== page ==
First certified Lego Thailand store for Siam Paragon
The first certified Lego Thailand store has opened at Siam Paragon in Bangkok.
The Danish building-toy manufacturer says the move is part of the brand’s strategic plan for Asian expansion. The new 170sqm Lego Thailand store has opened in a “co-sharing” partnership with DKSH (Thailand) Ltd. It offers more than 300 Lego toys, 32 of which are exclusive to certified, branded Lego outlets.
Lego Singapore GM for emerging Asia Atsushi Hasegawa said Thailand is an attractive market for Lego. “The country has an established economy, a large population and an established retail industry … We expect to see faster growth in Asia, including Thailand, and sustainable growth in Europe and America.”
Hasegawa added that Lego’s targeting of the Asian market recognises that it is home to more than half of the world’s children. While Asia still has a low base for Lego toys compared to many established markets in the West, the company is seeing an opportunity to boost its sales by five or six times in the region.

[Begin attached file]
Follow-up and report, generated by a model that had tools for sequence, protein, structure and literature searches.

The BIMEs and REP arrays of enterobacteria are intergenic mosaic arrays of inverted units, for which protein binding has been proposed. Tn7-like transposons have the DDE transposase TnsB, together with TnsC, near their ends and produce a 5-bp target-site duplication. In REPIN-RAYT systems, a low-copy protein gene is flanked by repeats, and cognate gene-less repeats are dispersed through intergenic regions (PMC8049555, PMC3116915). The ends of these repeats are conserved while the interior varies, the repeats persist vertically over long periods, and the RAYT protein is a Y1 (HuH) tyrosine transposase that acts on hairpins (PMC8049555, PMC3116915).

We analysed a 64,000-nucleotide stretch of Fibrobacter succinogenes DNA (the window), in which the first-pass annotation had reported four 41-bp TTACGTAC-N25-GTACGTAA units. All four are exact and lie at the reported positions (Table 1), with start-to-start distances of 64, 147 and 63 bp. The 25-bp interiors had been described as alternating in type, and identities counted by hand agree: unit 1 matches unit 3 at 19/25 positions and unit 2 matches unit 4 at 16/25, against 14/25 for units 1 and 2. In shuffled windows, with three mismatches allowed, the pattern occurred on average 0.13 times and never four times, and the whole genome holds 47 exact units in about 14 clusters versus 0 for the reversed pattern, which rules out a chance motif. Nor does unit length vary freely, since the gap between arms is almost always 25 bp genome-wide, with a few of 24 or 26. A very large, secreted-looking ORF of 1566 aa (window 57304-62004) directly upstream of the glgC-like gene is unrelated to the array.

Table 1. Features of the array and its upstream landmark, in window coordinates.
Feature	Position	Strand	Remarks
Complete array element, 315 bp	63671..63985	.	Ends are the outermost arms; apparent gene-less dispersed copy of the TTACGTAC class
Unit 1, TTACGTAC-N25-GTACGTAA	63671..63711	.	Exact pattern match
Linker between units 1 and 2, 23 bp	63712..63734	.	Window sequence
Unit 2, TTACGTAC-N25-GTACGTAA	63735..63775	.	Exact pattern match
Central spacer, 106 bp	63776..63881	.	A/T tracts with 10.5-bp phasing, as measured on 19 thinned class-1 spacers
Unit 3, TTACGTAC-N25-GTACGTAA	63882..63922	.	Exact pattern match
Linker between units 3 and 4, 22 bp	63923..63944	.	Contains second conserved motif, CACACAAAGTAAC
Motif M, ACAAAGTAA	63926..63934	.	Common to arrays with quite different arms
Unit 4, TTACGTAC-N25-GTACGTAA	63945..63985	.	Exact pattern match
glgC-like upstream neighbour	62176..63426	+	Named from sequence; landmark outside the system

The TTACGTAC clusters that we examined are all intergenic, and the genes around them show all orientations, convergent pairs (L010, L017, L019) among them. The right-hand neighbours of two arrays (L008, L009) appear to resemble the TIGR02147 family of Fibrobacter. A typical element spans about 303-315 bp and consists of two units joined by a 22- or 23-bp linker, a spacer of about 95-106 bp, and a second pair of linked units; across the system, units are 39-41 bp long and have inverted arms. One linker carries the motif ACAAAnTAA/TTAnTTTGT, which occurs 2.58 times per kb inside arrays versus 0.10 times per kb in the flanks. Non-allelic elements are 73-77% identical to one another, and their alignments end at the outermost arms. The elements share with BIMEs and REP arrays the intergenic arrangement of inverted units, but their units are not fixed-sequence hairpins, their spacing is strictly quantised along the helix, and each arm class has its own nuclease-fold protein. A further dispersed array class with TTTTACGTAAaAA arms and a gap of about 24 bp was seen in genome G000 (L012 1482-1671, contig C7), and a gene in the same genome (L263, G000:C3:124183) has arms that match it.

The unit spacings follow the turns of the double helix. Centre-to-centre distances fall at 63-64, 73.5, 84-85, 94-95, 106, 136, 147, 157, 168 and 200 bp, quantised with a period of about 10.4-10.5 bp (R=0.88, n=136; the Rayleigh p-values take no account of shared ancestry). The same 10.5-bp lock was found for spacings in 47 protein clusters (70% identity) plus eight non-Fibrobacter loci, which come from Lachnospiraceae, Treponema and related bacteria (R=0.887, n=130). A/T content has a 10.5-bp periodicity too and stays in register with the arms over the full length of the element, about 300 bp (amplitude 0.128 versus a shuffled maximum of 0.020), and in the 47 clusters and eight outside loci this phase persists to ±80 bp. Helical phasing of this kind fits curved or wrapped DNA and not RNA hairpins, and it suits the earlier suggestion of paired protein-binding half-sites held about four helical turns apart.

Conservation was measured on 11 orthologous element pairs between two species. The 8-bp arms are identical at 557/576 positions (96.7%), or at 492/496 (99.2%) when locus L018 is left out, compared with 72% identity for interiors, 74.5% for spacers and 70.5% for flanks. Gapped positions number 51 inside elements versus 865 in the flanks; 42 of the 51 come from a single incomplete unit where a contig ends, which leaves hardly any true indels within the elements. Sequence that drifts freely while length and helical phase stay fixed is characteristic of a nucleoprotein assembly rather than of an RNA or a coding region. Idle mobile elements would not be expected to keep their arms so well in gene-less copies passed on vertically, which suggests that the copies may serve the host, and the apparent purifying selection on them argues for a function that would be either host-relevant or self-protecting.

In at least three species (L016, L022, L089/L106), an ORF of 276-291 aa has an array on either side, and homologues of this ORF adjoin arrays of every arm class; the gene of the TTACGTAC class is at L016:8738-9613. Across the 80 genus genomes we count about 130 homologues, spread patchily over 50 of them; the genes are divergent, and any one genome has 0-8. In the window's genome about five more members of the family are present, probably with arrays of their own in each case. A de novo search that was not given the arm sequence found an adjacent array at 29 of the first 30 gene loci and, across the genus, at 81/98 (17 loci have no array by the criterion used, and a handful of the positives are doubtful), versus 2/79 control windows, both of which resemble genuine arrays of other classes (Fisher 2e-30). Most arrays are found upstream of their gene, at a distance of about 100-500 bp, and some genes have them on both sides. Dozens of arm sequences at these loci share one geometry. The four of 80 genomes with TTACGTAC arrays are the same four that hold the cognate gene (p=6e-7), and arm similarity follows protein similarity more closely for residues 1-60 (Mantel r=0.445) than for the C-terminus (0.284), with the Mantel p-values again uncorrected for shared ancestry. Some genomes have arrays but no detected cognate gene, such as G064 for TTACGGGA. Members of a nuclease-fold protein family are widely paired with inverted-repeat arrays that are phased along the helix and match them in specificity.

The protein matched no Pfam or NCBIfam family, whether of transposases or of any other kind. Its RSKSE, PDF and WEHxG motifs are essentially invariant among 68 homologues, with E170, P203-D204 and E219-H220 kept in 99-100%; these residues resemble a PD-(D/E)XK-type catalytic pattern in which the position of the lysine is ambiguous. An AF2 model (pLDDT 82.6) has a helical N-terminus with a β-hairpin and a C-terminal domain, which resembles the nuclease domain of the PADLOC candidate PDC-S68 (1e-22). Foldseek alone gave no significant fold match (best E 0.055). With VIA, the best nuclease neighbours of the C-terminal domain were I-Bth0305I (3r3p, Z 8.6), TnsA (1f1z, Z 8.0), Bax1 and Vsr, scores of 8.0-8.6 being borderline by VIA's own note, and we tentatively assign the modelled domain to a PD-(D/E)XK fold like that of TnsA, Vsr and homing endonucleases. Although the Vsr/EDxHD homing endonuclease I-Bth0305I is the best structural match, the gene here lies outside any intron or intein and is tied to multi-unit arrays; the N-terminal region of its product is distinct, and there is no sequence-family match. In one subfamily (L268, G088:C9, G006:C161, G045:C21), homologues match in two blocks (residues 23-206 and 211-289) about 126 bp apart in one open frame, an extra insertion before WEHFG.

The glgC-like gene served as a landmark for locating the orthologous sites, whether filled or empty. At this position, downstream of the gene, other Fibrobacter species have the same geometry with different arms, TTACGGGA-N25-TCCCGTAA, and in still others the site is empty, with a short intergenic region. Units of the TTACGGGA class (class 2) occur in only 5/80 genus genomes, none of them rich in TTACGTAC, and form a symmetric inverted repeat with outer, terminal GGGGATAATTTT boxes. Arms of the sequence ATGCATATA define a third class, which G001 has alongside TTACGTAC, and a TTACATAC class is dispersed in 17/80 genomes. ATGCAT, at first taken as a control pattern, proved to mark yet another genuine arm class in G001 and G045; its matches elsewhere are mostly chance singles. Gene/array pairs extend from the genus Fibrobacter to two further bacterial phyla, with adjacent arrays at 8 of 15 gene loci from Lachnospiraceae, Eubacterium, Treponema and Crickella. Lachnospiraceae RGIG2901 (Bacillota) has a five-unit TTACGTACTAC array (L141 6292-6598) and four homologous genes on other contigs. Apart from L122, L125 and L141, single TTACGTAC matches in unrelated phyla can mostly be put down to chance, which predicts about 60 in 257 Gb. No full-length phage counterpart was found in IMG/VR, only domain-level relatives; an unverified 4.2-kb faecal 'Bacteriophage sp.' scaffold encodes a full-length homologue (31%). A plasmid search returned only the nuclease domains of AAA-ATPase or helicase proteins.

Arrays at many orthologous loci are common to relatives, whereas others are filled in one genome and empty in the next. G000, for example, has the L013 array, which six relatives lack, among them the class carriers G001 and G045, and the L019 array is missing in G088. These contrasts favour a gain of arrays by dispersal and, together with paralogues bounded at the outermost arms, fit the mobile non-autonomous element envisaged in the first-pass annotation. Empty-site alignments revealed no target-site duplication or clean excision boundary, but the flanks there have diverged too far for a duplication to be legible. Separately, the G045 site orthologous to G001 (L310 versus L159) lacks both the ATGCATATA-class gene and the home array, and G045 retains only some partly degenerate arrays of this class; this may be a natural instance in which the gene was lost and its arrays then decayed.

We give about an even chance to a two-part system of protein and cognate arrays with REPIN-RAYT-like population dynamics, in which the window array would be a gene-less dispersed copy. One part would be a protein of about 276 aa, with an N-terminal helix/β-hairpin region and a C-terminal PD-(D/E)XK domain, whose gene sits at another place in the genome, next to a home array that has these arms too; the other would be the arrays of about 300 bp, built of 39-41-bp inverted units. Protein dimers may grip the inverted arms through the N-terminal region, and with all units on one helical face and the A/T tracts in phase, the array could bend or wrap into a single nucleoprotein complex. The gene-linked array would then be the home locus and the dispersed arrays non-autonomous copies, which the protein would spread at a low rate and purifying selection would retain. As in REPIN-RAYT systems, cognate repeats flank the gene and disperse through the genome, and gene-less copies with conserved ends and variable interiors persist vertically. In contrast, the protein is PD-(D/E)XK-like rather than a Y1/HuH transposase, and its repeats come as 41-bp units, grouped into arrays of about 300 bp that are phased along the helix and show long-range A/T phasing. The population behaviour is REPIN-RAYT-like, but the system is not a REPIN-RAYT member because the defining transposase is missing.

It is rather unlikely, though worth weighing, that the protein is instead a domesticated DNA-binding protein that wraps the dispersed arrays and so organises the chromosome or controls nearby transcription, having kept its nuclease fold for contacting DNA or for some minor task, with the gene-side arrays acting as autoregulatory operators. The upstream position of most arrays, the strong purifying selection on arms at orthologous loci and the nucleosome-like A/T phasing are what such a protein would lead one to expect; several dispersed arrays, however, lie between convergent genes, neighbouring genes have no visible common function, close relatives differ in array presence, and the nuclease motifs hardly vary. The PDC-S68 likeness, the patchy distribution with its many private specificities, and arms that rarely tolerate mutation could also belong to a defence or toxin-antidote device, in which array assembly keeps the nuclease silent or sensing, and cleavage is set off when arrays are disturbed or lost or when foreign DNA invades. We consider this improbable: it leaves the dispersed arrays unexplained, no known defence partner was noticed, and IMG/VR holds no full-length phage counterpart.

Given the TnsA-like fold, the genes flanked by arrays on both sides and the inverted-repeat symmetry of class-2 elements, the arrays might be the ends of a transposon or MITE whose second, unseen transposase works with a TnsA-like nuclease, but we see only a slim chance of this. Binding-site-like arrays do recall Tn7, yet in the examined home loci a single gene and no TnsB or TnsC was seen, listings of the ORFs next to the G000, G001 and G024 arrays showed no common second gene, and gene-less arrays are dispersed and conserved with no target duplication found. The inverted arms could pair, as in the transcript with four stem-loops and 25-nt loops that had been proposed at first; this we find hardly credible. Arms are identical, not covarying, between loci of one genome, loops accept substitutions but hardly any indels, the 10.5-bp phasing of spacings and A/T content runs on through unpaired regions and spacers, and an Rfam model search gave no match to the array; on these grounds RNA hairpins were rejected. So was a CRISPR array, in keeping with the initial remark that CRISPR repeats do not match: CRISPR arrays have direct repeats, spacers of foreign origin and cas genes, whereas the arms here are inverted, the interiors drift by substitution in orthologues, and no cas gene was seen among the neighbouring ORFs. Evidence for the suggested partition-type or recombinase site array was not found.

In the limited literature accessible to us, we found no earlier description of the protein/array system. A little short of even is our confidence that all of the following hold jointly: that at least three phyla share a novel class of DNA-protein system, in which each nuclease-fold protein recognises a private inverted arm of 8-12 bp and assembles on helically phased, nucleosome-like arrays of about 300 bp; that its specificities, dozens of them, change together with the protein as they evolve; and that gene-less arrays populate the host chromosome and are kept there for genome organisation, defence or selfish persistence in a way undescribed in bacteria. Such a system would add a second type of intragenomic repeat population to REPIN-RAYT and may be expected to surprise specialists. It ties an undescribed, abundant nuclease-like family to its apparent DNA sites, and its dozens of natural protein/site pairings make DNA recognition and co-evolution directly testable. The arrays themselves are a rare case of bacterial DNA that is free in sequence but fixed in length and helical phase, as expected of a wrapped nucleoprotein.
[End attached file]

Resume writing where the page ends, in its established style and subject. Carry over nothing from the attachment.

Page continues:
According to Hasegawa, the company’s initial priority is not to increase the number of Lego stores, but to deliver the right brand experience to children at the right locations.
DKSH’s director of commercial development Arden Feschuk said the company expects the Lego Thailand store will achieve THB100 million (US$3.05 million) in sales in its first year. There is also a plan to expand the number of Lego-certified stores in Thailand later.
“During the first year of opening, more than 400,000 people are expected to visit the store, with Thais accounting for 60 per cent and foreigners 40 per cent. Due to the company’s one-price strategy, exclusive Lego sets will cost the same here as they do in neighbouring countries.
“Due to this, Lego fans will no longer have to go overseas to buy Lego products. Also, new collections will be launched at the same time as in the US and Europe”.
Sixty per cent of Lego’s Thailand sales are currently brought in via distribution in department stores, while more than 15 per cent is derived from specialist toy stores.